Medieval Islamic civilization focused a great deal of attention on developing the medical arts. A key aspect was the development of hospitals and medical schools throughout the period. The ailing saw hospitals, individually called bimaristan (asylum of the sick), as a place where they could be treated and perhaps cured by physicians.
Medical practitioners saw the bimaristan as an institution devoted to the promotion of health, the curing of diseases and the expansion and dissemination of medical knowledge.
Medical schools and libraries, where senior physicians taught the students medical techniques and how to fully apply their knowledge when dealing with their patients, were attached to the larger hospitals. Hospitals set examinations for their students, and issued diplomas.
The bimaristan was, in short, the cradle of Islamic medicine and the prototype upon which the modern hospital is based. These institutions were not only critical to the dissemination of medical learning, but formed the basis for hospitals and medical schools as we know them today.
By the 11th century there were even traveling clinics which were staffed by the hospitals. These clinics brought medical care to those too distant or too sick to come to the hospitals themselves. Early Islamic medical facilities could be subdivided into mobile dispensaries, first aid centers and permanent hospitals.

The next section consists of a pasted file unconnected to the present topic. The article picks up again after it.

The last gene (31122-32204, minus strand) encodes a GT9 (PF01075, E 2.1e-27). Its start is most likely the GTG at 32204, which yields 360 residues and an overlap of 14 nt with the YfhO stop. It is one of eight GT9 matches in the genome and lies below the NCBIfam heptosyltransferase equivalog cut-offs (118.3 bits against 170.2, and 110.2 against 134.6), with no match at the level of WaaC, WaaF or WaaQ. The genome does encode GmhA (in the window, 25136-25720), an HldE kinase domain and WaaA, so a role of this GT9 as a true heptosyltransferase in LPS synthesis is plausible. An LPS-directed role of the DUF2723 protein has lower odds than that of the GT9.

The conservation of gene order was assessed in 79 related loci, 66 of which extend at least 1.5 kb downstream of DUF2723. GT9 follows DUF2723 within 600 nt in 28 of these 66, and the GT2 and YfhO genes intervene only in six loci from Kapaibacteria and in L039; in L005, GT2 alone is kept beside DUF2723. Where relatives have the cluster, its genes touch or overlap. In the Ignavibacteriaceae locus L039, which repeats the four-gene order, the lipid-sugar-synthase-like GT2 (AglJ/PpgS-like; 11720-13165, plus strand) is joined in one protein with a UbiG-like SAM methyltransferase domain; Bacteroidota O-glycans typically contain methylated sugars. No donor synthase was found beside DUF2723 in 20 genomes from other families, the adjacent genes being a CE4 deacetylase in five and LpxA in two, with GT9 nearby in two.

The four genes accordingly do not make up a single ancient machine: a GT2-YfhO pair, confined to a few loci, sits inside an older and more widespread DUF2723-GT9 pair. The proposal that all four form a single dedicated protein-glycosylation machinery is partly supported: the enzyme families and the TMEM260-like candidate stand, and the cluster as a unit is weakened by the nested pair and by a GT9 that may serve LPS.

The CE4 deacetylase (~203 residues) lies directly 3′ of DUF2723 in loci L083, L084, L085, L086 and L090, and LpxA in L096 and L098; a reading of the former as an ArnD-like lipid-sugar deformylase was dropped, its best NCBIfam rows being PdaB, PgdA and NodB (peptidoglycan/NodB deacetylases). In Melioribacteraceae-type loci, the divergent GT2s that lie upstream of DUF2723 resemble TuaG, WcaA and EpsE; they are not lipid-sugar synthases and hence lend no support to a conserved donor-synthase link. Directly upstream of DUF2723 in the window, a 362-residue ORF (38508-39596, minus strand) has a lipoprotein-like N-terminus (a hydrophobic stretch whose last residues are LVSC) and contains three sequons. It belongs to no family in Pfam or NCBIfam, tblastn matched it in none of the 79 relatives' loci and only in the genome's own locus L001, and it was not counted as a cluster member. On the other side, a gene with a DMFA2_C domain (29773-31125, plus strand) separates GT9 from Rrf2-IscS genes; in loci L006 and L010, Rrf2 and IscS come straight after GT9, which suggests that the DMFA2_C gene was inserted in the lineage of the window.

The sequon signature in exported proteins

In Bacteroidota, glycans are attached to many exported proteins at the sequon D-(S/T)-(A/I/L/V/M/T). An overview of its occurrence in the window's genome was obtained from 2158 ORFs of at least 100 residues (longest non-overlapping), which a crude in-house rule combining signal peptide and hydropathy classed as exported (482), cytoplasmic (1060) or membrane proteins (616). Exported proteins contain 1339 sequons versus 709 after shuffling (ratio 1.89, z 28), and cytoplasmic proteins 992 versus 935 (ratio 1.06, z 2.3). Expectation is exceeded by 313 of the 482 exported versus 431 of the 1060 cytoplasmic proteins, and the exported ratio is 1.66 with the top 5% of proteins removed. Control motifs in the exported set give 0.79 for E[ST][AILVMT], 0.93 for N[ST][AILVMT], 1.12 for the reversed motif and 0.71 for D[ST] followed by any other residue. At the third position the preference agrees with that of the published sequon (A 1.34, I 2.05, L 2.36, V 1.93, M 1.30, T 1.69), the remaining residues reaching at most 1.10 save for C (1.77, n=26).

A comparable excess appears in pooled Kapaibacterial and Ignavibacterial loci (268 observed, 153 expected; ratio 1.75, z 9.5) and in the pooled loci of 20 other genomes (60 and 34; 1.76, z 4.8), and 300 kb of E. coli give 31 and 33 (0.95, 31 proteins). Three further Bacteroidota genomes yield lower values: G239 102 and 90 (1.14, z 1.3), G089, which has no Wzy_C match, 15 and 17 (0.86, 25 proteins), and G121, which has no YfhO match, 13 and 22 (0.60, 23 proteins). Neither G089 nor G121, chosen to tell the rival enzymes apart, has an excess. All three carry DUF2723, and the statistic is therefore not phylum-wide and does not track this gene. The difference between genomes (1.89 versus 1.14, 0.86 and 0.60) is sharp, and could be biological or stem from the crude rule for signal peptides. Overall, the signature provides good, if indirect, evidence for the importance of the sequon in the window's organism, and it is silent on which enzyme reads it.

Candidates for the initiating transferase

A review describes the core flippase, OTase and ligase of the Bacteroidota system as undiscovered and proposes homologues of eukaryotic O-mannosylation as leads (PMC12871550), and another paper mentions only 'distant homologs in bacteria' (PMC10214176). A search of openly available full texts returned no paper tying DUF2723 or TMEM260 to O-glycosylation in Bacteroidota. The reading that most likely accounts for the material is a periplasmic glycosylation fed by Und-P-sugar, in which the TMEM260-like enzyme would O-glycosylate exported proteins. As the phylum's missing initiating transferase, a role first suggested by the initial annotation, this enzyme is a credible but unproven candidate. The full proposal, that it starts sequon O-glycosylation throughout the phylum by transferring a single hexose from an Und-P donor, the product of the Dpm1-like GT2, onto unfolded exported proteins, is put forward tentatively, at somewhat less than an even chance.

The idea of a mobile dispensary dates back to the time of the Prophet Muhammad (SAWS).
During the Ghazwah Khandaq (the Battle of the Ditch) a separate tent was erected for the wounded.
When Sa’id bin Mu’az was wounded and one of the blood vessels in his arm was injured, the Prophet ordered that he should be kept in the tent so that he could personally look after him.
Later caliphs and rulers developed and extended these “MASH” units into true traveling dispensaries complete with doctors and pharmacists. Their mission was to meet the needs of outlying communities that were far from the major cities and permanent medical facilities.
By the reign of the Seljuq Turkish Sultan Mohammed Saljuqi, the mobile hospital had become so extensive that its equipment needed forty camels to transport it.
The first Muslim hospital, a leprosarium, was constructed during the time of Waleed bin Abd-al Malik. Physicians appointed to this hospital were provided with large properties and salaries. Patients were essentially confined to the facility because of the contagious nature of their disease, but were granted stipends (just as the blind received) in order to care for their families.
Harun al-Rashid established the first general hospital, in the modern sense of the term, in Baghdad in about 805. Within a decade or two, 34 more hospitals had sprung up throughout the Islamic world, and the number grew with each passing year.
In Andalusia or modern-day Spain, the city of Cordoba alone had 50 major hospitals. Some of those hospitals were reserved for the military and had their own special doctors. These doctors supplemented the special doctors who were attending to the caliphs, the military commanders, and the nobles.